There comes a time in most every Dungeons & Dragons campaign when for whatever reason there is more than one dragon kicking about either as a foe or an ally for the players. This can be problematic for a Game Master for a number of reasons, and I’d like to take some time to nail down the ground rules that I use and that others might find useful. Much has been written about dragons, easily more than any other type of monster in the game, because as the name of the game suggests dragons are key to Dungeons & Dragons. Always remember that a dragon is an insanely powerful being and must not be treated in the same way as a randomly generated encounter. The story must in some manner hinge on the dragon if the story has a dragon. These are not superficial easily ignored creatures. The dragon is never randomly soaring overhead. Dragons have purpose even if the players never figure it out.
Bearing in mind that a dragon is absurdly powerful and perhaps the most devastating opponent one can have in a physical altercation it is imperative that a Game Master not get carried away with how the dragons in their world operate. Dragons are keenly aware of their own strength, perhaps arrogantly so, and should not stoop to slaughtering everything weaker than themselves just because they can. Dragons have a far better grasp of the long term consequences of their actions (except white dragons, those poor bastiges are more stupid than a sack of frozen hammers) and are naturally reluctant to do anything as rash as wiping out all of the people in their territory. They may however devise a scheme to dominate those people, or at least use them for their own designs in some manner. A group of ranchers might have to forfeit a cow or two every month to appease a nearby dragon, for instance. A more demanding dragon might demand a human sacrifice on a regular basis if it is particularly evil, but such a demand while understandably unreasonable in itself is not going to wipe out an entire community. It is going to make that dragon terribly unpopular, though. And that can cause trouble for the dragon. Game Masters need to consider how far a dragon will push their agenda given the potential risks. If a dragon is aware that powerful adventurers might be drawn to defeat them because of their demand for a human sacrifice, then that demand is going to be scaled back to a more acceptable level of heinous.
There then must follow a plan for the Game Master to use the dragon in their story without ending up slaughtering the adventurers. Dragons are formidable enough on their own but the older a dragon gets the more treacherous it can become. Spells and psionic abilities increase over time as the monsters age. The more intelligent the dragon is the more likely that they have minions of their own, or at least trustworthy allies. This can make good and neutral aligned dragons especially dangerous as they tend to collect extremely faithful friends. But evil dragons can also have some truly reliable and awful buddies. Know that song by Garth Brooks? Friends in low places. An aged evil dragon is bound to have some staggeringly gruesome cohorts. The players shouldn’t expect to know every trick that a dragon has hidden in its scales, but the GM needs to communicate fully how dangerous it is for the players to tackle this endeavor at all. Whether the dragon is good, neutral, or evil, the Game Master needs to impress upon everyone in the game how absurd it would be to treat this as just a critter that flies and has bad breath.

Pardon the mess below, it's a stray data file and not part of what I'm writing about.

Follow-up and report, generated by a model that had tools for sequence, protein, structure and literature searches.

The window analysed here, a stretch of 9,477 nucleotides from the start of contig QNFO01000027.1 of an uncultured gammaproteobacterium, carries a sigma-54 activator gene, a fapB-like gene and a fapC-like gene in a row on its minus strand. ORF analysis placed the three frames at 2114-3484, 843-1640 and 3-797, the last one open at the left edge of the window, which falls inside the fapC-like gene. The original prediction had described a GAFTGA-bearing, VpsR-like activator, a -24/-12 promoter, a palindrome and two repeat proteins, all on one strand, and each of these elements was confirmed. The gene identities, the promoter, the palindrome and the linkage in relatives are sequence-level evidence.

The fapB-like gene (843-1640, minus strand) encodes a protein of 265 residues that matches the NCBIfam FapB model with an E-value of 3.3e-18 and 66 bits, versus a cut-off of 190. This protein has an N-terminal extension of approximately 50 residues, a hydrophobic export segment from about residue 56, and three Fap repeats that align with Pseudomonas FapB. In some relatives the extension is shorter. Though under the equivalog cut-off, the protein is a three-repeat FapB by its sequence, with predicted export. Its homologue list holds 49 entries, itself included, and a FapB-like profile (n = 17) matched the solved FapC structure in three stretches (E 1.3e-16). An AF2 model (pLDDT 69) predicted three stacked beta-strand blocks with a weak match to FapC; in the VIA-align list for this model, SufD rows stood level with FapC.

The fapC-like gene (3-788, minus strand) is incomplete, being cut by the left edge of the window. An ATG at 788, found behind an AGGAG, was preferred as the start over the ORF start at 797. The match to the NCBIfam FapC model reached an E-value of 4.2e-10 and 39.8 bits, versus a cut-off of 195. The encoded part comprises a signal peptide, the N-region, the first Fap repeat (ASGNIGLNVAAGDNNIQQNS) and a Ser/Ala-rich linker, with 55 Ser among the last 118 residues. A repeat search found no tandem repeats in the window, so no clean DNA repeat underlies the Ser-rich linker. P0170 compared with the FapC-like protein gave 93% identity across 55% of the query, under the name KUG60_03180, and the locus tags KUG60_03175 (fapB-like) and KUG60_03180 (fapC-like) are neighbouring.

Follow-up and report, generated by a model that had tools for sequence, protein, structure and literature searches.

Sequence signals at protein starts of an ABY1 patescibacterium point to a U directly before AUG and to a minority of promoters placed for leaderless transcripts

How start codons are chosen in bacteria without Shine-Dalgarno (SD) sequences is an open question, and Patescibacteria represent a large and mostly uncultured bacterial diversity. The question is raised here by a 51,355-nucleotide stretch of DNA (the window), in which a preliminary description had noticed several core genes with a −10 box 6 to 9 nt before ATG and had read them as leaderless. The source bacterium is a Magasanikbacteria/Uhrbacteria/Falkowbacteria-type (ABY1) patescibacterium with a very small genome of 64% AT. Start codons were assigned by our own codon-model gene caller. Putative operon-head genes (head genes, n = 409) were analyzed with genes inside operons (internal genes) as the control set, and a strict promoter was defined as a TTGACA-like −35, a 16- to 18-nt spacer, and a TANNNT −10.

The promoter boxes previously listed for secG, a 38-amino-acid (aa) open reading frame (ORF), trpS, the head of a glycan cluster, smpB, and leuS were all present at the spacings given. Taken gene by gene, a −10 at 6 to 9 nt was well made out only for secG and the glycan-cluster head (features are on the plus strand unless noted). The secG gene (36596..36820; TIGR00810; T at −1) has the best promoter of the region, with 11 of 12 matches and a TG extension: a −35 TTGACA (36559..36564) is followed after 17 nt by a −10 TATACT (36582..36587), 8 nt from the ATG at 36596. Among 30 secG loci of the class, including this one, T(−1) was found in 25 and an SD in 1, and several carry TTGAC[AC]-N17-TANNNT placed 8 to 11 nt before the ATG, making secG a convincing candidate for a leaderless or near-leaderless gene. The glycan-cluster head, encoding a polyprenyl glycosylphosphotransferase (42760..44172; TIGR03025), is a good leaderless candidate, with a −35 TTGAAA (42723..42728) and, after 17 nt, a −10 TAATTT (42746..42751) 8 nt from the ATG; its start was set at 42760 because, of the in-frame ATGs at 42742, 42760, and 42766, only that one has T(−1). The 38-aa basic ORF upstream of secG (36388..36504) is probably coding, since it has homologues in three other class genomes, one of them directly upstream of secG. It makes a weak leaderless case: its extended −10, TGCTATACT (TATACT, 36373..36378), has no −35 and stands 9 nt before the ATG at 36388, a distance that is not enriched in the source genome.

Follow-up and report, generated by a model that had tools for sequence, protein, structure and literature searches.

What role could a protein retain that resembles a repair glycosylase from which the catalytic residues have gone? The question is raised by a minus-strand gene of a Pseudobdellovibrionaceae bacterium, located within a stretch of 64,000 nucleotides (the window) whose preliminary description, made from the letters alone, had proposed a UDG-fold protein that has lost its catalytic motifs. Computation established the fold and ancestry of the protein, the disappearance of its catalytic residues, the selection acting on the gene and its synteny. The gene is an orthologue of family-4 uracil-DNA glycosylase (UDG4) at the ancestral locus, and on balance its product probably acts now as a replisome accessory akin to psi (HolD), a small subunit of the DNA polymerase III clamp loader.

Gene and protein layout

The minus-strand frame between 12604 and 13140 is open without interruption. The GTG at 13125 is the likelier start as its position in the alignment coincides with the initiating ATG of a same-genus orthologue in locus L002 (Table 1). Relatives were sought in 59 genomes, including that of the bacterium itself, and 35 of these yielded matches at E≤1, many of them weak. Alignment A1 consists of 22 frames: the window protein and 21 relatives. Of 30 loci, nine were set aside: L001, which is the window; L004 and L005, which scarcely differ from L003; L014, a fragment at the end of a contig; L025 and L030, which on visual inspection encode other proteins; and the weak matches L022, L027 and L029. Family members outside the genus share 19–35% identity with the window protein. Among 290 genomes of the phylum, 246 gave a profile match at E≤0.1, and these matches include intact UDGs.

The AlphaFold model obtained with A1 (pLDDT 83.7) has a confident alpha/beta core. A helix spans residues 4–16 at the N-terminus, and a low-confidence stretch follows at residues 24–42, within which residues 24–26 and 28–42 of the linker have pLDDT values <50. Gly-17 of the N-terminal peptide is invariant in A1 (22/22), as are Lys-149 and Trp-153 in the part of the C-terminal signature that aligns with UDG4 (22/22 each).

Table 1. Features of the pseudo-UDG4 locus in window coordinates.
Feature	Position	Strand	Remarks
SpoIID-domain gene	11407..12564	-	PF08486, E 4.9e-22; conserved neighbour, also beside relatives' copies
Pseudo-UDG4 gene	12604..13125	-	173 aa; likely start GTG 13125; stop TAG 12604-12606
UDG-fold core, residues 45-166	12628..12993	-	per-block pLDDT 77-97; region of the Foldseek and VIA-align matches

So it becomes important to set the dragon well apart from the mere mortals with whom the dragon has to share space. Players might want the dragon to be an ally, or at least not an enemy. This is no small interaction. Anything the players have to offer has to appeal to the dragon. Remember how powerful the dragon is. What can they offer that the dragon can’t just take? What enticement can they produce that would cause the dragon to express any interest whatsoever? Players need to be challenged on this. Whoever the dragon is and whatever they are up to aside, the players need to bring their best game plan to either attract or defeat the beast.
With all of that established there may be another hiccup to the storyline. Wherever there is one dragon, there may be a second. Or a third. Or well over half a dozen. They may be of different types and alignments, and they may be at odds with each other. How do the players fit in to this? Game Masters must keep the story rolling and it can’t be just about dragons. Consider this the ultimate backdrop to a good tale: big ol’ lizards flying around doing their stuff while the players are in the foreground trying to avoid getting entangled in their reptilian shenanigans. While I certainly don’t object to dragons being used to drive a point home about how this is suddenly a damned serious situation, a Game Master has to know what each dragon is willing to do and what it is absolutely not going to do. Define those dragons. Keep them defined. They plot and scheme over the entirety of their lives and that can be hundreds upon hundreds of years. They don’t have to care about what the players are doing. In fact they may not care at all. Or if they do care, then the players might be rightly alarmed. What course of action have they embarked upon that it has interested a dragon, or a group of dragons? And might the fact that they are interested at all be a warning?
The answer to that is yes. If a dragon has taken an interest in you and your life then you are probably headed for some serious trouble. Because if there is one thing a dragon takes note of, it is an apocalypse. Game Masters take note. This needs to be carefully considered.